30 Days to a Healthier Social Life
by Christa Melnyk Hines
Reviving a withering social network or starting fresh in a new community isn’t easy for any busy parent, but the importance of developing social connections can’t be underestimated. Parents who feel a balanced sense of connection are healthier and more resilient to stress and anxiety. Take charge of your social life with one small step a day to create a more energizing, fulfilling social life.
Contact a mother’s or father’s group. Ask to attend a meeting as a guest. Put the date on the calendar and schedule a sitter if necessary.
Call an old friend. Reconnecting can help you rebuild your confidence as you start meeting new moms and dads.
Email a mom or dad you’d like to get to know better. Arrange a time to meet up with you and your kids for a play date at the park or the mall play area.
Send a Facebook friend request to a parent you’ve met recently.
Evaluate your schedule and answer a volunteer request. Want to get to know lots of members fast? Volunteer for a leadership position.
Meet the family down the street. Bring cookies and head over with your kids to introduce yourselves.
Kids are great icebreakers. Strike up a conversation with another mom or dad at the park. A casual conversation with another adult can boost your spirits.
Send a card to a friend to let them know you’re thinking about them or call just to chat.
Join an online moms or dads group. Reaching out to other parents online who can relate to your situation can help you feel less isolated.
Text a friend with a new baby. Remember how hard those first few weeks are? Coordinate a time to stop by with a meal.
Are your children in school? Invite other classroom parents to a “seasoned moms and dads” lunch.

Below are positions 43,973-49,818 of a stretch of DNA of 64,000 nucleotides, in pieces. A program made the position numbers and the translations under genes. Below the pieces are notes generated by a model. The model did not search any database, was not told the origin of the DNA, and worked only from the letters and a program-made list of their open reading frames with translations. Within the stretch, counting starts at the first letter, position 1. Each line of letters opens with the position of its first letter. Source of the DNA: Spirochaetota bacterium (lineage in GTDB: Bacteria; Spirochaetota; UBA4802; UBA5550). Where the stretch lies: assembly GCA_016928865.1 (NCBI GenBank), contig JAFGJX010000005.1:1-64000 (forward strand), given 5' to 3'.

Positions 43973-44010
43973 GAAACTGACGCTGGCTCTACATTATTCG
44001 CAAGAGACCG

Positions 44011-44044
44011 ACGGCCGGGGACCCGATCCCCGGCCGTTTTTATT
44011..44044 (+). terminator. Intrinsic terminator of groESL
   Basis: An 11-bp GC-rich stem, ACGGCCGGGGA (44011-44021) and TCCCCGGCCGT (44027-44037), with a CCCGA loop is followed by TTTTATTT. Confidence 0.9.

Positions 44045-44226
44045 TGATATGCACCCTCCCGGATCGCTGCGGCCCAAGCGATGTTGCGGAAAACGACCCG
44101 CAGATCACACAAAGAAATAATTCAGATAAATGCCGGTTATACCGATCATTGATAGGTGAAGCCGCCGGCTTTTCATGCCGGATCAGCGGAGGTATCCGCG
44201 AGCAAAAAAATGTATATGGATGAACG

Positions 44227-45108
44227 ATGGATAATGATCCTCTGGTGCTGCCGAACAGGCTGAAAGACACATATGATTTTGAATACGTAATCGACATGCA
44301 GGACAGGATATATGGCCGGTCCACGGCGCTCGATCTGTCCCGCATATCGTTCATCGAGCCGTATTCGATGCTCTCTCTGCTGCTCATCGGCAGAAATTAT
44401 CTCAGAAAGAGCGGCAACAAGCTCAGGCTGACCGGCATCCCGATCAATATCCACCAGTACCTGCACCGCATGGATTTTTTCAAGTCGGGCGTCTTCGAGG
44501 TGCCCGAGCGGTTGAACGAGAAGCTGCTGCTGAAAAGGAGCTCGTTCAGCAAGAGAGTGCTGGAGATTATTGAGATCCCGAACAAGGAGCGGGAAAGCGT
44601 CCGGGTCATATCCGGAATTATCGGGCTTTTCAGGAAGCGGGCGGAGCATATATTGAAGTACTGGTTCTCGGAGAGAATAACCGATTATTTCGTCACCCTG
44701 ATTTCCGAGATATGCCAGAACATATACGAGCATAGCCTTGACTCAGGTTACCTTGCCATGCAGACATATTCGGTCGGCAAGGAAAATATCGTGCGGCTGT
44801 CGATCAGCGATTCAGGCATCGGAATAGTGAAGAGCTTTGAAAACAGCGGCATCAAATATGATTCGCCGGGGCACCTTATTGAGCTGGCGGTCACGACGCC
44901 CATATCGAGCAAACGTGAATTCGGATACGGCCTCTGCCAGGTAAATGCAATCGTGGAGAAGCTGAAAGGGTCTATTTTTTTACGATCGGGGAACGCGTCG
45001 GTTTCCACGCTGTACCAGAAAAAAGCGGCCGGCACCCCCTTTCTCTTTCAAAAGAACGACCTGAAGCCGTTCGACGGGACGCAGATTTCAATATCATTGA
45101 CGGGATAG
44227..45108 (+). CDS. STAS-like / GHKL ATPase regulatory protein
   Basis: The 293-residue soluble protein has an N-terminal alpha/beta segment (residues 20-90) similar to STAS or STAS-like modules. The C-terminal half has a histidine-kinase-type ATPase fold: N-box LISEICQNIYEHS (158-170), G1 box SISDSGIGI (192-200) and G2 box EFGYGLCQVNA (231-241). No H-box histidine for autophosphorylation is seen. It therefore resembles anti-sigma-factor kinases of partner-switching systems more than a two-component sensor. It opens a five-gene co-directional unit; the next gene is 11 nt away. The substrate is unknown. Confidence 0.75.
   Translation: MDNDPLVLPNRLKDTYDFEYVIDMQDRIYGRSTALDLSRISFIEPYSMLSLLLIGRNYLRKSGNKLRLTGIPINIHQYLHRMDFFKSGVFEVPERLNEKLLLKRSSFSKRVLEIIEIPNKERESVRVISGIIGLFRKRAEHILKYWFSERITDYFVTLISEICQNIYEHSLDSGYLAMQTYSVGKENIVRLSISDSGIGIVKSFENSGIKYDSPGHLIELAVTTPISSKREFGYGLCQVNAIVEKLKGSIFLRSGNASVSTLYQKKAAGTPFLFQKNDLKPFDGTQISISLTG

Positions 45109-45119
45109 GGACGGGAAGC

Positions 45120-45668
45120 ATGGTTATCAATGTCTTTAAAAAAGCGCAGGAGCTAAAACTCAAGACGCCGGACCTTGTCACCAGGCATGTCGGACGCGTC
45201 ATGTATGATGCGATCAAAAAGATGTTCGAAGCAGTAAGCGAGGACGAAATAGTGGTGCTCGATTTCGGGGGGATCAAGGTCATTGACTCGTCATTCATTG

Sign up for a yoga, zumba, or jazzercise class. The exercise will give you energy and boost your mood. The group fitness experience will help you feel a sense of connection to others with similar goals.
Time for Parents Night Out! You may feel a little tired the next day, but recalling all the laughs is sure to put a spring in your step.
Does someone in your life zap your energy? (And no, your kids don’t count!) Consciously begin to move away from draining one-sided friendships.
Beware of overcommitment. Say no to whatever isn’t a priority or doesn’t interest you. You’ll do yourself and your family a favor.
Make a list of your favorite forgotten past-times.
Carve out 15 minutes in your day to pursue one of those hobbies. Check out the latest trends with your hobby on Pinterest or in the blogosphere.
Start a walking group with a friend or two. Walking and talking for an hour is great exercise and like free therapy!
Parents know the 4 to 6 p.m.”witching hour” is rough when everyone is tired, hungry, and cranky. Invite other parents, whose spouses frequently travel for business or work long hours, for a two-hour afternoon play date and dinner. Order pizza and ask everyone to bring a side dish. Dinner done, kids sleep well, and you get a quiet evening ahead!
Plan a morning at the zoo or the children’s museum with your kids and invite other moms and dads to join you.
Check out the library for upcoming talks, book clubs, and other activities. Attend a few discussions to meet other people with shared interests.
Organize a game night or book club with a few parents you’d like to get to know better.
Feel roadblocked by cliquey moms or dads? Reach out to a receptive member of the group. If they are on the PTA/PTO, ask how you can get involved. Don’t be pushy and watch your body language. Averting eye contact or hiding in a corner with your phone can signal a lack of interest in connecting. And, remember many parents aren’t cliquey.
Schedule a manicure/pedicure morning out with a friend.
Find a sitter and schedule a nice date night with your spouse. Feeling sociable? Invite another couple to join you.
Invite your neighbors for a backyard BBQ. Have outdoor games like badminton, horseshoes, volleyball, chalk, bubbles, and hula hoops available for the kids to play together.
Support a friend who sells make-up, jewelry, cookware, or candles by accepting an invitation to one of the parties. Go with a budget and enjoy some time hanging out with other adults.
Need a break? Acknowledge when life is getting too busy and take a few hours to do something on your own—head to a pottery place and paint while you sip coffee; go clothes shopping; or take in a movie.
Spending time with other families is fun, but set aside an afternoon with just you and your kids. Head to the park for a picnic lunch, watch a movie together, play a board game, try ice skating, or go bowling.
Regroup around the dinner table. Communication builds stronger families. Talk about your day’s highs and lows, frustrations, and successes.
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